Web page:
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Do Smaller BVM's Increase ROSC?

papercut lit review smaller bvms and rosc Mar 27, 2024

The best way to manage the airway during cardiac arrest, has remained somewhat of a mystery. We don’t know how much tidal volume to give, were not sure of what percentage FiO2 to deliver and were not sure of what rate to bag at.

What we assume we know:

  • Increased minute ventilations delivered by either increasing the volume of each breath and/or increasing the frequency of breaths, results in over-inflation of the thoracic cavity. Animal studies have shown that this decreases venous return to the heart, decreasing coronary perfusion pressure and resulting in decreased cardiac output(1-3).
  • Guidelines recommend approximately 500-600ml breaths during CPR, however these volumes that we tend to use in mechanical ventilation and they are not based on any real evidence for resuscitation.
  • Studies have not shown a clear association between ventilation rate and ROSC. (4-7)
  • Hyperventilation can cause cerebral vasoconstriction (8-11)
  • Hypoventilation and inadequate oxygen concentrations can cause hypoxia and result in acidosis.
  • Aggressive forced rapid delivery of breaths can result in significant insufflation of the stomach
  • Current resuscitation guidelines ( based mostly on expert opinion (12-13)), recommend 10 ventilations per minute with a tidal volume of 500-600ml.

What we do is:

  • In adults we use a large BVM which delivers approximately 1500 ml maximum (although this can vary by manufacturer)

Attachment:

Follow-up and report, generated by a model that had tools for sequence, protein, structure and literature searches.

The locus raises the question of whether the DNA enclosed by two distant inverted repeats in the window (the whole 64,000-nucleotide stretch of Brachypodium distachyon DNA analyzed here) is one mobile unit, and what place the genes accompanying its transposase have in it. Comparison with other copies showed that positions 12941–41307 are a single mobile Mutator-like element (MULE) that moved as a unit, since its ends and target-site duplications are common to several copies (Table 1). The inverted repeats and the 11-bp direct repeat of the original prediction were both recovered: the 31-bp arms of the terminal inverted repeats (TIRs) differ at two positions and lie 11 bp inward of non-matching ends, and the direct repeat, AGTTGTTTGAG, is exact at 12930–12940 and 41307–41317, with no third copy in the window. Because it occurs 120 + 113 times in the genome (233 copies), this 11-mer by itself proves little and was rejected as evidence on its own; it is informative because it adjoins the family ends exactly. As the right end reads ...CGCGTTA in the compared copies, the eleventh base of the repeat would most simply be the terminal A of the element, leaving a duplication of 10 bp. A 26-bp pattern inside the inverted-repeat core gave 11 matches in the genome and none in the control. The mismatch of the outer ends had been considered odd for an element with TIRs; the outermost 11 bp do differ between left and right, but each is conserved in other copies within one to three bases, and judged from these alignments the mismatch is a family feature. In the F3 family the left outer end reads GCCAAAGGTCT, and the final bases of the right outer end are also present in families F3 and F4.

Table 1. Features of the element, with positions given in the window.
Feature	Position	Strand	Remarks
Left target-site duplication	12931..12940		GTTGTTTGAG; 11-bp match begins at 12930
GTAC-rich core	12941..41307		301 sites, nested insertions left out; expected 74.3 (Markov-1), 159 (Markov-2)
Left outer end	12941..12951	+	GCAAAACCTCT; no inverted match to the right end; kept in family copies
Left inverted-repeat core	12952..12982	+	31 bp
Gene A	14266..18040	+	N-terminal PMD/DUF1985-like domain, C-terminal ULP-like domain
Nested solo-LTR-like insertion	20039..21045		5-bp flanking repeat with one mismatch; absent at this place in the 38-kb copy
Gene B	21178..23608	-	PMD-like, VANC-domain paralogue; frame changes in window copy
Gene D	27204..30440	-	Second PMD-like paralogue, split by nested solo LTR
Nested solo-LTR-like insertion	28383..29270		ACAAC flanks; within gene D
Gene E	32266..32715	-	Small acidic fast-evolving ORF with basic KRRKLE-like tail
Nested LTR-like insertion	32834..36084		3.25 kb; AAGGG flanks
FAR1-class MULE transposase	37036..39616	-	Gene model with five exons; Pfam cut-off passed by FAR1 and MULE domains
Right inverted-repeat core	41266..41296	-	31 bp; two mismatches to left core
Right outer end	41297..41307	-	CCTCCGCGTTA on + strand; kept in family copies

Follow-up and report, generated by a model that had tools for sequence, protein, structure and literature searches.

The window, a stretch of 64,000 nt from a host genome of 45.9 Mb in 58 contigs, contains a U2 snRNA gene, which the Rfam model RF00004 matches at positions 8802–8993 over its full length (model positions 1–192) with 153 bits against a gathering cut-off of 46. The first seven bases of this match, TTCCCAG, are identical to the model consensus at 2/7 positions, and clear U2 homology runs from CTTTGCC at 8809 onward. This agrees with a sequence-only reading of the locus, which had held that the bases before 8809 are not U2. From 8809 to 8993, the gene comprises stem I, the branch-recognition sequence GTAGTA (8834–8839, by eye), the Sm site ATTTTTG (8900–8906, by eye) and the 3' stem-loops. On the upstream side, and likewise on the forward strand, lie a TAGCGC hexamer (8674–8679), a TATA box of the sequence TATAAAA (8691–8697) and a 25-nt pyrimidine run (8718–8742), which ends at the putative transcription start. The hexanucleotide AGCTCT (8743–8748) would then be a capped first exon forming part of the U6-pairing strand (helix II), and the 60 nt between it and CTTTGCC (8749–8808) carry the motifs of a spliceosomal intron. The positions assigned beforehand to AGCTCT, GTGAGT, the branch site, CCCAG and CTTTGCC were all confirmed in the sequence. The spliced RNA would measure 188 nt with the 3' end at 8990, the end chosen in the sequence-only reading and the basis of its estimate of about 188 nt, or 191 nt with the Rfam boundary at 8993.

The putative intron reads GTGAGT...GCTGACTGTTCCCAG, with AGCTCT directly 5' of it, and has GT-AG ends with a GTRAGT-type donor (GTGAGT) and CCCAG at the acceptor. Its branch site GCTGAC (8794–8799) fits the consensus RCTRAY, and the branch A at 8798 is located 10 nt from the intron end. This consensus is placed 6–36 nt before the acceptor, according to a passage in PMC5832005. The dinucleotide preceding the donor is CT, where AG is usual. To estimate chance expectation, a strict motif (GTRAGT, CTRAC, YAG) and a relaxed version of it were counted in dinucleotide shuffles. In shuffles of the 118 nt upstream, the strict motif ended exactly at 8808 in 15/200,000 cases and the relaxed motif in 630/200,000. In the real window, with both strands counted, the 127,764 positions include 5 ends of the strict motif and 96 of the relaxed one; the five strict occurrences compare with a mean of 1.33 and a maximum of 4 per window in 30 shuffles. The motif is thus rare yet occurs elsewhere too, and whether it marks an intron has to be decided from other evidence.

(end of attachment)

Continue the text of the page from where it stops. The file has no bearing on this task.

• We usually compress about half the reservoir thus delivering about 600-800ml per breath.
  • We use 100% FiO2.
  • Our aim is to not give more than 10 breaths per minute.

Given that we don’t want to over-ventilate the patient, smaller BVMs have been recommended.

…….Enter this new study

Bonniew D et al. Association of small adult ventilation bags with return of spontaneous circulation in out of hospital cardiac arrest. Resuscitation 193 2023

What was the hypothesis in this paper?

cpr-2-sizesIn order to decrease the potential for large volumes being delivered, smaller adult BVM (Mercury Medical CPR-2 small ventilation bag) were used. The maximum volume was 1000ml and the expected volume delivery was 450ml. The hypothesis was that this would result in increased incidence of ROSC.

What They did


This was a  pre-hospital, retrospective, observational cohort study that analysed data that was prospectively acquired for out of hospital cardiac arrest and advanced airway registries.

Manual compressions were delivered at 100-120 compressions per minute with an interposed breath every 10 compressions.

Advanced airway placement was defined as an endotracheal tube or ‘iGel’ supraglottic airway, with placement confirmed by the treating paramedics and subsequent ETCO2 reading.


  • age <18
  • received basic life support (BLS) only,
  • termination of resuscitation due to advance directives,
  • ALS interventions prior to EMS arrival,
  • insufficient capnography data,
  • cricothyrotomy,
  • advanced airway placed while patient had spontaneous circulation,
  • airway was managed with BVM only, or did not receive CPR while under EMS ALS care.

Primary Outcomes
ROSC at the endpoint where EMS entered the emergency department

Secondary Outcomes
Ventilation rate and mean ETCO2 during CPR

What they found

Primary Outcomes: ROSC at hospital arrival was significantly lower in the small bag group, even when adjusted for variables including age sex bystander CPR and initial rhythm. The odds ratio of ROSC on hospital arrival was 0.74, 95% CI = 0.61–0.91